Russian, govt planes strafe Syria’s north-west, kill 28

Updated June 15, 2019

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Damaged and destroyed buildings in Ihsim, a town in Syria’s Idlib region.—AFP
Damaged and destroyed buildings in Ihsim, a town in Syria’s Idlib region.—AFP

BEIRUT: Regime and Russian air strikes and shelling have killed at least 28 people including seven civilians in embattled northwest Syria, a war monitor said on Friday, despite a ceasefire announced by Moscow.

The civilians were killed in regime air strikes and shelling on the south of Idlib province and the north of Hama province on Thursday, the Syrian Observatory for Human Rights said.

Russian and regime air strikes also killed 21 jihadist and Islamist fighters in the same region the same day, the Britain-based monitor added.

The Idlib region of some three million people is supposed to be protected from a massive regime offensive by a buffer zone deal that Russia and Turkey signed in September.

But it was never fully implemented, as jihadists refused to withdraw from a planned demilitarised zone.

In January, the Hayat Tahrir al-Sham alliance led by Syria’s former Al Qaeda affiliate extended its administrative control over the region, which includes most of Idlib province as well as adjacent slivers of Latakia, Hama and Aleppo provinces.

The Syrian government and Russia have upped their bombardment of the region since late April, killing more than 360 civilians, according to the Observatory.

Syria’s war has killed more than 370,000 people and displaced millions since it started in 2011 with the repression of anti-government protests.

Russia launched a military intervention in support of the regime in 2015, helping its forces reclaim large parts of the country from opposition fighters and jihadists.---Turkey refuses Russian ‘excuse’ over Syria strikesTurkey said on Friday that it did not accept Russia’s “excuse” that it had no ability to stop the Syrian regime’s continued bombardments in the last rebel bastion of Idlib.

“In Syria, who are the regime’s guarantors? Russia and Iran,” Foreign Minister Mevlut Cavusoglu told state news agency Anadolu in a televised interview.

“Thus we do not accept the excuse that ‘We cannot make the regime listen to us’,” he said.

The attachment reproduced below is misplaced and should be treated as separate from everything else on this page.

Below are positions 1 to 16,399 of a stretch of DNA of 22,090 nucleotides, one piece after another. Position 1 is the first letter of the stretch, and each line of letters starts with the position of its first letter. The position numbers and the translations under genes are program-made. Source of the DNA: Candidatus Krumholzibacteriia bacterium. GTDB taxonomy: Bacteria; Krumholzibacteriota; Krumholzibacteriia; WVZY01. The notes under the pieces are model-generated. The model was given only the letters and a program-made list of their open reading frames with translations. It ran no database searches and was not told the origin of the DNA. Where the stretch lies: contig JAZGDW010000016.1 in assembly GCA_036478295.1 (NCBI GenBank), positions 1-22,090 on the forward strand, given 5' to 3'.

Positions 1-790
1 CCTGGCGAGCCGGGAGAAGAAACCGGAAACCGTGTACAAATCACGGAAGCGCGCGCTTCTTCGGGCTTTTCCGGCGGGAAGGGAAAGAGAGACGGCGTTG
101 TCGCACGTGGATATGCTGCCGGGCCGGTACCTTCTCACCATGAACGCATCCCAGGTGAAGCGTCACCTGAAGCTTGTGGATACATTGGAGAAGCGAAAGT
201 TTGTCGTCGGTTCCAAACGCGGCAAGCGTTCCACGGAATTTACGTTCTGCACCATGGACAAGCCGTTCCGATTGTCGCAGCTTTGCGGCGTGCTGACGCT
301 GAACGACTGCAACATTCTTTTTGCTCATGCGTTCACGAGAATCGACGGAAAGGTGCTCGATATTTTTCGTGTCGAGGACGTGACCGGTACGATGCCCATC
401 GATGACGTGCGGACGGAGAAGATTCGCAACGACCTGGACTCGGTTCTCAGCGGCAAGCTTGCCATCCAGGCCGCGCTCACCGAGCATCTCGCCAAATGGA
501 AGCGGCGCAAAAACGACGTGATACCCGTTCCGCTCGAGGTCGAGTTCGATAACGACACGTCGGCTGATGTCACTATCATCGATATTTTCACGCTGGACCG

Russia is a key ally of Syrian President Bashar al-Assad, while Turkey has backed rebel forces in the eight-year conflict.

They have worked closely to find a political solution under the Astana process despite being on opposing sides.

Cavusoglu insisted moderate Syrian rebels in Idlib — for which Turkey acts as guarantor in peace negotiations — had stuck to their obligations under a buffer zone agreement reached last September.

But he accused Damascus of sending armed radical groups to Idlib from Aleppo, East Ghouta and Hama to foment trouble and provide an excuse for renewed conflict.

“We knew in the future, after other areas had been captured, that the regime would attack Idlib using the excuse of the radical groups’ presence after sending them there,” Cavusoglu said.

Turkey says its observation posts in Idlib have twice been attacked by Syrian regime forces — once in May and again on Thursday — leading to several injuries.

Turkish President Recep Tayyip Erdogan said it was “not possible for Turkey to stay silent” if such attacks continued.

“We will do what is necessary because we want peace to be sovereign here, for the deaths to stop,” he told a press conference in Istanbul.

Turkey disagreed with Russia earlier this week after Moscow claimed a new ceasefire had been secured in the province following weeks of regime bombardments — a claim that was denied by Ankara.

Hundreds have been killed in the recent bombardments, with Turkey fearful of a mass refugee exodus from the province that is home to three million people.

Published in Dawn, June 15th, 2019